Bradley, Clara, and Natalia Szablewska. “Anti-Trafficking (ILL-)Efforts The Legal Regulation of Women’s Bodies and Relationships in Cambodia.” Social & Legal Studies, November 19, 2015, 0964663915614885. doi:10.1177/0964663915614885.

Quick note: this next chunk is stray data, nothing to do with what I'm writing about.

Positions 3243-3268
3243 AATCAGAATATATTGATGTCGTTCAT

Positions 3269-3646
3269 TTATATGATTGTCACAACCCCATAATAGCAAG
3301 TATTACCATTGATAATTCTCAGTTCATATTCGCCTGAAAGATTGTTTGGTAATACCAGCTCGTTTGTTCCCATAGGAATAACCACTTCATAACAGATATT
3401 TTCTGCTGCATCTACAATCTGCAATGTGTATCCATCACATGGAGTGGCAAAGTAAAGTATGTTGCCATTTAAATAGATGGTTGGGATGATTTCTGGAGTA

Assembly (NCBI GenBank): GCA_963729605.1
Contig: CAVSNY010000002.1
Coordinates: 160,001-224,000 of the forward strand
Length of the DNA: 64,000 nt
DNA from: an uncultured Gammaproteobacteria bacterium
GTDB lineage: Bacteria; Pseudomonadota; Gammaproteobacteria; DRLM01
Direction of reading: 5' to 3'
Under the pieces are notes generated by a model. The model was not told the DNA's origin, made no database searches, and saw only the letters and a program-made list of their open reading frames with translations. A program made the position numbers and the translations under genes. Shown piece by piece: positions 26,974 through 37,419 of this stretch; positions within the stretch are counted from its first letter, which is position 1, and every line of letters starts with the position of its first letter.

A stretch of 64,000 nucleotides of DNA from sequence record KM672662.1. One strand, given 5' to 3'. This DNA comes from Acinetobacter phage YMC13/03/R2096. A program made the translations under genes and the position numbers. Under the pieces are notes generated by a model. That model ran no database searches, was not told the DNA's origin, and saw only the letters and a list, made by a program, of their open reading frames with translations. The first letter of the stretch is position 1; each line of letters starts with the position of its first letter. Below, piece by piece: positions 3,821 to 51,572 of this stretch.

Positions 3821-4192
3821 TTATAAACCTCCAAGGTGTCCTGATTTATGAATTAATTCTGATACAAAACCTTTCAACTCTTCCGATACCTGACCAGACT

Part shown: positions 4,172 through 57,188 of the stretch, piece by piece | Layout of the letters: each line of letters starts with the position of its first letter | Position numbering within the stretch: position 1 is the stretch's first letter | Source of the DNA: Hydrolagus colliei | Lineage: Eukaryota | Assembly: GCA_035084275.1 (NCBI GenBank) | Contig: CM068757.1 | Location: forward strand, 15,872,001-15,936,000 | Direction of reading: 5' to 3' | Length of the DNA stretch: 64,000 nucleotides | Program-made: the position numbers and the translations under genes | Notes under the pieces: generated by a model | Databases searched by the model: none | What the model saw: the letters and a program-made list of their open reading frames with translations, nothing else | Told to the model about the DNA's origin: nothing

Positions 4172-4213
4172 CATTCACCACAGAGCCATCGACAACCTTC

Global imaginations on human trafficking have been captured by a robust mythology that constructs the consenting Third World sex worker as simply a victim of trafficking for sexual exploitation. This anti-trafficking discourse has influenced Cambodia’s legal reform, which has resulted in an increase of abuse against sex workers and has denied Cambodian women their right to marry foreign men. Despite evidence indicating the diversity of the sex industry and its correlation to different levels of sex workers’ autonomy, decision-makers have failed to revise the anti-trafficking framework to reflect the reality of the divergent lives of women who engage in sex as a livelihood.